42. Hammoud A, Gago LA, Diamond MP. Adhesions in patients with chronic pelvic pain: a role for adhesio-
lysis? Fertil Steril. 2004; 82(6):1483–91. Epub 2004/12/14. https://doi.org/10.1016/j.fertnstert.2004.07.
948 PMID: 15589847
43. Nezhat FR, Crystal RA, Nezhat CH, Nezhat CR. Laparoscopic adhesiolysis and relief of chronic pelvic
pain. JSLS. 2000; 4(4):281–5. Epub 2000/10/29. PMID: 11051185
44. Sato Y, Ido K, Kumagai M, Isoda N, Hozumi M, Nagamine N, et al. Laparoscopic adhesiolysis for recur-
rent small bowel obstruction: Long-term follow-up. Gastrointestinal Endoscopy. 2001; 54(4):476–9.
PMID: 11577310
45. Peters AA, Trimbos-Kemper GC, Admiraal C, Trimbos JB, Hermans J. A randomized clinical trial on the
benefit of adhesiolysis in patients with intraperitoneal adhesions and chronic pelvic pain. British journal
of obstetrics and gynaecology. 1992; 99(1):59–62. Epub 1992/01/01. PMID: 1547175
46. Le Blanc-Louvry I, Costaglioli B, Boulon C, Leroi AM, Ducrotte P. Does mechanical massage of the
abdominal wall after colectomy reduce postoperative pain and shorten the duration of ileus? Results of
a randomized study. J Gastroint Surg. 2002; 6(1):43–9.

PLOS ONE | https://doi.org/10.1371/journal.pone.0178407 June 2, 2017 17 / 18


Manual therapy for postoperative adhesions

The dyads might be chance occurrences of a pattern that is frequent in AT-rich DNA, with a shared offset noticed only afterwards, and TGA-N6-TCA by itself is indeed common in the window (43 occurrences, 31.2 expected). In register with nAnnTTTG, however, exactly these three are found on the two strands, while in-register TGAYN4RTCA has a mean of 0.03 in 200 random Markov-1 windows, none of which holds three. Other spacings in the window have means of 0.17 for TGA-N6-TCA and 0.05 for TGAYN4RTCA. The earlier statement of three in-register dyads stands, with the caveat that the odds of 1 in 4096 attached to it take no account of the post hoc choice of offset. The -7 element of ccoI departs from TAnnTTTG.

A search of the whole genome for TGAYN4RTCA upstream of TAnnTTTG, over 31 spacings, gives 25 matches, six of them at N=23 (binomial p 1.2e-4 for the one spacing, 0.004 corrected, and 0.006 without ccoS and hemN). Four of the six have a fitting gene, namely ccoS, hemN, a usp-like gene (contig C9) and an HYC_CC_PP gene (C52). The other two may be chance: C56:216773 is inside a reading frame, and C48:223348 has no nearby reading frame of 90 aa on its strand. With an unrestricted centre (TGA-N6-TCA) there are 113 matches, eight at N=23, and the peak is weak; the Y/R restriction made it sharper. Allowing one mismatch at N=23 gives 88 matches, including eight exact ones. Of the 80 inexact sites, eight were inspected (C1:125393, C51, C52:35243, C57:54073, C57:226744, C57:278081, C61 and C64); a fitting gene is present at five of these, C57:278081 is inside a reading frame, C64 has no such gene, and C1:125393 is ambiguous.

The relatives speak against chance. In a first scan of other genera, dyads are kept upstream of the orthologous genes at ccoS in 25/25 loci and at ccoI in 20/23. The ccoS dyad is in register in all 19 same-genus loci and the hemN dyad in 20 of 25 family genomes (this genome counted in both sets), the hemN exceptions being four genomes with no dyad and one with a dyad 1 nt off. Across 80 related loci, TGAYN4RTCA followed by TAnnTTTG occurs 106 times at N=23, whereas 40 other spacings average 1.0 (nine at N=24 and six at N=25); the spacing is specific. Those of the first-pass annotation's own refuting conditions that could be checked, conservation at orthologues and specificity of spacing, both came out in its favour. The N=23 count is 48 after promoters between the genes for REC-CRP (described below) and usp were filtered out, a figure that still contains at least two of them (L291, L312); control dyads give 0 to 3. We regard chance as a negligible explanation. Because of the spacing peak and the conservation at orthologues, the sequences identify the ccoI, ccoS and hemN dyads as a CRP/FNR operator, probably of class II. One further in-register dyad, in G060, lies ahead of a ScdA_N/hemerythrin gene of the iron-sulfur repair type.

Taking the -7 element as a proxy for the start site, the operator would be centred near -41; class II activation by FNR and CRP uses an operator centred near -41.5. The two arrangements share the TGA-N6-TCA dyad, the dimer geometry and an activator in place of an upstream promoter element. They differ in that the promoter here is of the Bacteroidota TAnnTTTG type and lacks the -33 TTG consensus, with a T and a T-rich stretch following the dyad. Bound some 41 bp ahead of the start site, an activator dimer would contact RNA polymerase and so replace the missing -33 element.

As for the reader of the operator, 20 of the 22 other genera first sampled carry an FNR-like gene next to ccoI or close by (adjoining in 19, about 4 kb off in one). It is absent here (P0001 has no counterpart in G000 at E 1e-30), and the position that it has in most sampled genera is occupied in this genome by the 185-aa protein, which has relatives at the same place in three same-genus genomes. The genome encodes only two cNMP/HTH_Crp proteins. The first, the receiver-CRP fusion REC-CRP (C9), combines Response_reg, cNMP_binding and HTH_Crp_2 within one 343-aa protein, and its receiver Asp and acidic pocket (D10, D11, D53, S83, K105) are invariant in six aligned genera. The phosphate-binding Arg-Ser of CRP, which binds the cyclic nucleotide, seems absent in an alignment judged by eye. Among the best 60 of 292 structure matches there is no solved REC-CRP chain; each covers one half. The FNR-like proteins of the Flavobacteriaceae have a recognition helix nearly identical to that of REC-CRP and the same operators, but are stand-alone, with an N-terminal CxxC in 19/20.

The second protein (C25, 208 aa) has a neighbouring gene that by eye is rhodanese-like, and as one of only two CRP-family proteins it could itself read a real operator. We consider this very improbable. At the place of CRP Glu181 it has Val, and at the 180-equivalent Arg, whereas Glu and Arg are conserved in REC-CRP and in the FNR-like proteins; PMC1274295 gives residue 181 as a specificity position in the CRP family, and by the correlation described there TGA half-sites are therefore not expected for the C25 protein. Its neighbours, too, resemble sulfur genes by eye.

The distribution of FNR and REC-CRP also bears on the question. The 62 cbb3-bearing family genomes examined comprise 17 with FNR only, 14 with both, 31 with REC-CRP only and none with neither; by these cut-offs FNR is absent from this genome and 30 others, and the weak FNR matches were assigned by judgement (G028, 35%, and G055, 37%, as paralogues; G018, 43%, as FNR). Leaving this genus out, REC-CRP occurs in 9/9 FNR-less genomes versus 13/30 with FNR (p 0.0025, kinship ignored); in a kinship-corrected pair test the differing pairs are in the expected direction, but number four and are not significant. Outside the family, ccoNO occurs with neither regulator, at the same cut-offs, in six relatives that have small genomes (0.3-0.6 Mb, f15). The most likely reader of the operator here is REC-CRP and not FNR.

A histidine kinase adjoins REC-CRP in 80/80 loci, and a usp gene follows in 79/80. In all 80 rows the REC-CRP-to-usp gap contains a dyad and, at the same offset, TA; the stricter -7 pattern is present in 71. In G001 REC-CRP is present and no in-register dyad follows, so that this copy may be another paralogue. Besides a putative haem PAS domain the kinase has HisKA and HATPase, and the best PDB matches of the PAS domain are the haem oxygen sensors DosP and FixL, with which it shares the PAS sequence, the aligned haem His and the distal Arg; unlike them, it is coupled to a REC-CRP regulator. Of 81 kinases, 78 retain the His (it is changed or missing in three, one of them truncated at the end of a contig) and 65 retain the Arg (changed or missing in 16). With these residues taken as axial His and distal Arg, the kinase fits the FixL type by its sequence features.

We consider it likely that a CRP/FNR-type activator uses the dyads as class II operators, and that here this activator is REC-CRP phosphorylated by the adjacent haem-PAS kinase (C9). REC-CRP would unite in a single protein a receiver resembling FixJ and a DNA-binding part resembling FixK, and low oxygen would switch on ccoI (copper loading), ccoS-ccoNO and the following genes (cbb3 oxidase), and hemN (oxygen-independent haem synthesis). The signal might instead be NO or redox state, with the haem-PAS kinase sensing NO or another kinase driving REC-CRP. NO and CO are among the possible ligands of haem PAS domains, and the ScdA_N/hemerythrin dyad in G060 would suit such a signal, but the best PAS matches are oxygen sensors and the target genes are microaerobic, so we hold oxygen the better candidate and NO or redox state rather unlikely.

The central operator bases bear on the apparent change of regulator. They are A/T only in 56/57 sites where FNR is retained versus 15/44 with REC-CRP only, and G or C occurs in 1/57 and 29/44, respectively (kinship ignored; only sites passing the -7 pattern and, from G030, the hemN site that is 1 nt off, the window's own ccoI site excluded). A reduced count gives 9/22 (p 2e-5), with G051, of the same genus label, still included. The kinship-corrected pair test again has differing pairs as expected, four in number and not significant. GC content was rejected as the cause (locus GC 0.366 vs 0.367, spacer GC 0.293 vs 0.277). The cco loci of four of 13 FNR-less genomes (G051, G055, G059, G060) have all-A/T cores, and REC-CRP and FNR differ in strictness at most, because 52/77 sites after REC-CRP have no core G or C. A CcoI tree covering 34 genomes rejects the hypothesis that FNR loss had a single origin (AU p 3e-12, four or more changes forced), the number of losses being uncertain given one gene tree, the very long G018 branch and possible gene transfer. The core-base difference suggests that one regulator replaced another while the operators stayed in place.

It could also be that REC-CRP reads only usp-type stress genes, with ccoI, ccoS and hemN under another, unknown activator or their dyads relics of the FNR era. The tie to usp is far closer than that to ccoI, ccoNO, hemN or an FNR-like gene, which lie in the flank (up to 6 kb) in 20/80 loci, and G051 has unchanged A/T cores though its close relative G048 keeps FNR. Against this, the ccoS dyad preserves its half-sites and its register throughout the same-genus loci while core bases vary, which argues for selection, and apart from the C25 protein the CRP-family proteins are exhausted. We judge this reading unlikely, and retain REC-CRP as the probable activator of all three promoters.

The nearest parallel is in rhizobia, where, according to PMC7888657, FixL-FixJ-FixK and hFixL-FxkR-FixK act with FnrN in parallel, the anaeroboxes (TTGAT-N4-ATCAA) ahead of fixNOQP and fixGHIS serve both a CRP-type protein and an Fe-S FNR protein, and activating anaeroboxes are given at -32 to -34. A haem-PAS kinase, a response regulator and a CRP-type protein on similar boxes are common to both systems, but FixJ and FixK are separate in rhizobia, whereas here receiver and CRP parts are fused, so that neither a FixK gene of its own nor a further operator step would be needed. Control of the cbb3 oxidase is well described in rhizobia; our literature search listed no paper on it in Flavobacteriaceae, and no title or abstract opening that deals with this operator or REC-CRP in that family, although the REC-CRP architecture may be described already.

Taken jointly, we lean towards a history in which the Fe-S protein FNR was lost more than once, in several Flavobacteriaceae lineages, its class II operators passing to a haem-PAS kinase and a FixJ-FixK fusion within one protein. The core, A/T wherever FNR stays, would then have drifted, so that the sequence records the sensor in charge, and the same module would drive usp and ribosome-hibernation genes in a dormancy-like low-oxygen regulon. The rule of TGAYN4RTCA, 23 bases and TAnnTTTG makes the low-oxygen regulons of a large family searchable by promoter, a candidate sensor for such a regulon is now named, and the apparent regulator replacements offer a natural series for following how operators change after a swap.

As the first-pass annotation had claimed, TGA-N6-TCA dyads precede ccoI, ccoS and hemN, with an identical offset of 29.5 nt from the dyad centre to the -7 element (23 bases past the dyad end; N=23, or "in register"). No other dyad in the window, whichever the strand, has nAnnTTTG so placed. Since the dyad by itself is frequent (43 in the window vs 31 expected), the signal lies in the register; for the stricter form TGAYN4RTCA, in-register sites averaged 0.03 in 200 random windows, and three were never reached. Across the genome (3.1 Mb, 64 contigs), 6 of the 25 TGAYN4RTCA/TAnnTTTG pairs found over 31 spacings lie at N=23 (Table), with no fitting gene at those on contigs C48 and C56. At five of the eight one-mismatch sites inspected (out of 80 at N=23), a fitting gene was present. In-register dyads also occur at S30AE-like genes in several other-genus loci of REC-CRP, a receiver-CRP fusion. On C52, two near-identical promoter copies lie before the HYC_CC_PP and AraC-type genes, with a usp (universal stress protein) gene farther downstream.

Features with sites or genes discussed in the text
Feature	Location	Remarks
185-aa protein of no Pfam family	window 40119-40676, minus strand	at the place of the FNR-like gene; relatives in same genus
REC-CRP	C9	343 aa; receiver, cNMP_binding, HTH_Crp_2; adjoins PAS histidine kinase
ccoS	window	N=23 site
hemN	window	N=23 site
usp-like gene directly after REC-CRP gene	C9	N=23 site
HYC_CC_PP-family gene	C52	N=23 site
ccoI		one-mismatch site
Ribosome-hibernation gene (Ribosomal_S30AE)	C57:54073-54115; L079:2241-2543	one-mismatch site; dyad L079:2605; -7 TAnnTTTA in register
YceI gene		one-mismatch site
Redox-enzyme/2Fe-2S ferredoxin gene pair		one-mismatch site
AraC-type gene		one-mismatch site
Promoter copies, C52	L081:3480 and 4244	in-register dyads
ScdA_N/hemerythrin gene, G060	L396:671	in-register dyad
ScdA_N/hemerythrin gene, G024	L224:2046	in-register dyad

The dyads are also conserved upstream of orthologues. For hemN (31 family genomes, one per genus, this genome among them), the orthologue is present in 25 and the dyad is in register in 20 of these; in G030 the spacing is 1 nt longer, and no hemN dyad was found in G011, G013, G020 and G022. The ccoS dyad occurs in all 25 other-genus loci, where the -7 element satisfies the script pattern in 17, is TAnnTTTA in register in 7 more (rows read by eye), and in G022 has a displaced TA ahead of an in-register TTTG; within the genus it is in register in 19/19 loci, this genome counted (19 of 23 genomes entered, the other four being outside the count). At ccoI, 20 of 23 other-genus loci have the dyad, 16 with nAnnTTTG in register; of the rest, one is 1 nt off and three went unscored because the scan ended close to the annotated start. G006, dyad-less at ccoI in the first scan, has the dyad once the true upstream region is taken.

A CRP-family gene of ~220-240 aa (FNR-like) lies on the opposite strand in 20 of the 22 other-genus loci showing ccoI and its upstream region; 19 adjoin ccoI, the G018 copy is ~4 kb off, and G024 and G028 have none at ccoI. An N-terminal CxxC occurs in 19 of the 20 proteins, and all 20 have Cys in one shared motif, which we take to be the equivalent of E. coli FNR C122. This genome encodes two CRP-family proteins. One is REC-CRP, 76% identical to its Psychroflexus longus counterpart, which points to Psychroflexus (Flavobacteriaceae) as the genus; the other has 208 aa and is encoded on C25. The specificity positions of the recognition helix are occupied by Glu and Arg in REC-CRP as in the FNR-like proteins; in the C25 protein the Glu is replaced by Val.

47. Tou JC, Wade CE. Determinants affecting physical activity levels in animal models. Experimental biol-
ogy and medicine (Maywood, NJ). 2002; 227(8):587–600. Epub 2002/08/23.
48. Wong YY, Smith RW, Koppenhaver S. Soft Tissue Mobilization to Resolve Chronic Pain and Dysfunc-
tion Associated With Postoperative Abdominal and Pelvic Adhesions: A Case Report. J Orthop Sports
Phys Ther. 2015; 45(12):1006–16. Epub 2015/10/17. https://doi.org/10.2519/jospt.2015.5766 PMID:
26471853
49. Wurn BF, Wurn LJ, King CR, Heuer MA, Roscow AS, Hornberger K, et al. Treating fallopian tube occlu-
sion with a manual pelvic physical therapy. Altern Ther Health Med. 2008; 14(1):18–23. Epub 2008/02/
07. PMID: 18251317
50. Rice AD, Patterson K, Wakefield LB, Reed ED, Breder KP, Wurn BF, et al. Ten-year Retrospective
Study on the Efficacy of a Manual Physical Therapy to Treat Female Infertility. Altern Ther Health Med.
2015; 21(3):36–44. Epub 2015/05/31. PMID: 26026143
51. Rice AD, Patterson K, Reed ED, Wurn BF, Klingenberg B, King CR 3rd, et al. Treating Small Bowel
Obstruction with a Manual Physical Therapy: A Prospective Efficacy Study. BioMed research interna-
tional. 2016; 2016:7610387. Epub 2016/03/19. PubMed Central PMCID: PMCPMC4775771.

PLOS ONE | https://doi.org/10.1371/journal.pone.0178407 June 2, 2017 18 / 18